Even though the Moon is not ultimately the most rewarding object to photograph with a DSLR, it's a good first target.
Put your camera on a sturdy tripod and attach a telephoto lens with a focal length of at least 200 and preferably 300 mm. Take aim at the Moon. Initial exposure settings are ISO 400, f /5.6, 1/125 second (crescent), 1/500 second (quarter moon), 1/1000 (gibbous), or 1/2000 (full); or simply take a spot meter reading of the illuminated face of the Moon. An averaging meter will overexpose the picture because of the dark background.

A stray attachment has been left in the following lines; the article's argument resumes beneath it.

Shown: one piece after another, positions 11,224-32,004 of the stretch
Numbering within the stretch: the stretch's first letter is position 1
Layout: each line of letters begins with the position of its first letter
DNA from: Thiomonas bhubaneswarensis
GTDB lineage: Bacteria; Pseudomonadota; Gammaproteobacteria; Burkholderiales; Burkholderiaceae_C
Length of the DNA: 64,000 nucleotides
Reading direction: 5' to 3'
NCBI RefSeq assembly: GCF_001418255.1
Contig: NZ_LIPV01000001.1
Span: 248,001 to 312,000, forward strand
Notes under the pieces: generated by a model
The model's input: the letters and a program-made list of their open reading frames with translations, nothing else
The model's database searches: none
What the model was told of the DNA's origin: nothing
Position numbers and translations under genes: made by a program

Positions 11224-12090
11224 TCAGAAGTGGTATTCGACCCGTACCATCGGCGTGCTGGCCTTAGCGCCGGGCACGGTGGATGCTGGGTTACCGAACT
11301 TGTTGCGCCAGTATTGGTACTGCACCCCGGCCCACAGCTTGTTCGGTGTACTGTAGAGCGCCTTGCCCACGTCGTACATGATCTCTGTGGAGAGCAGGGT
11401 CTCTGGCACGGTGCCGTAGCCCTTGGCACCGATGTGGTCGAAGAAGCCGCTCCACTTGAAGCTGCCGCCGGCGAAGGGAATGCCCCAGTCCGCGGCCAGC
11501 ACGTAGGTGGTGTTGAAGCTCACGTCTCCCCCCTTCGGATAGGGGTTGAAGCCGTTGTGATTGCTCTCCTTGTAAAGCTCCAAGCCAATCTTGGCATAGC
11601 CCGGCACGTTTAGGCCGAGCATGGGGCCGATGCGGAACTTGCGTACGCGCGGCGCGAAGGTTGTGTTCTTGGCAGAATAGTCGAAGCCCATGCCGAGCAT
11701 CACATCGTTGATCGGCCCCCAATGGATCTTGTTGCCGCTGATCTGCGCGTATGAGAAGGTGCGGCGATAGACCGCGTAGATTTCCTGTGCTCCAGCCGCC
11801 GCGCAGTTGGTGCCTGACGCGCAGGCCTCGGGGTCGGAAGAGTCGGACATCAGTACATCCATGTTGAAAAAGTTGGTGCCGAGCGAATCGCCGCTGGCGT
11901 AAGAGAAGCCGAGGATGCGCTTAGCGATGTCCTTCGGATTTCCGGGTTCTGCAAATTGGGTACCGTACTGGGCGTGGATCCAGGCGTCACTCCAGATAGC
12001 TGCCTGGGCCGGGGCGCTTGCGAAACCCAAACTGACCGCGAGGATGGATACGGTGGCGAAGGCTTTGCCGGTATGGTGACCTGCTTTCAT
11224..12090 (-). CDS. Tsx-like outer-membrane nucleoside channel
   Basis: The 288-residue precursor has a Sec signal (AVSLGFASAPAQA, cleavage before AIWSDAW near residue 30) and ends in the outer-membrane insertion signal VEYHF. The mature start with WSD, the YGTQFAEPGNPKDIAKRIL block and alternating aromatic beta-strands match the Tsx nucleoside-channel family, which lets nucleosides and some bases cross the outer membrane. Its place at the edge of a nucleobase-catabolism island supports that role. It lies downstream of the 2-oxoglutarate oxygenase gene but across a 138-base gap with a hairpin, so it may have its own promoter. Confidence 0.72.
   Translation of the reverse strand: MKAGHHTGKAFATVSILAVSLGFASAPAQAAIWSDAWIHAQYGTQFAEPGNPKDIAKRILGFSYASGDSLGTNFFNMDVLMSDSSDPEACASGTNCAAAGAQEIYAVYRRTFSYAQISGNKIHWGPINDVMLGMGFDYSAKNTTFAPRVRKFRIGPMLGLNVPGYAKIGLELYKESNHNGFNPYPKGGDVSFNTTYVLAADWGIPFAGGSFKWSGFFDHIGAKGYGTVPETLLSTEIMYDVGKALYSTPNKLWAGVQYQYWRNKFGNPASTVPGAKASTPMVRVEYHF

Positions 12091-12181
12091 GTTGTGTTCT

If the camera has mirror lock (Canon) or exposure delay (Nikon), turn that feature on. Let the camera autofocus and take a picture using the self-timer or cable release. View the picture at maximum magnification on the LCD display and evaluate its sharpness. Switch to manual focus and try again, varying the focus slightly until you find the best setting. Also adjust the exposure for best results. If you have mirror lock or prefire, you can stop down to f /8 and use a slower shutter speed.
Figures 4.1 and 4.2 show what you can achieve this way. Images of the Moon benefit greatly from unsharp masking in Photoshop or RegiStax; you'll be surprised how much more detail you can bring out.
To make the face of the Moon fill the sensor, you'll need a focal length of about 1000-1500 mm. In the next example, we'll achieve that in a very simple way.
Was this article helpful?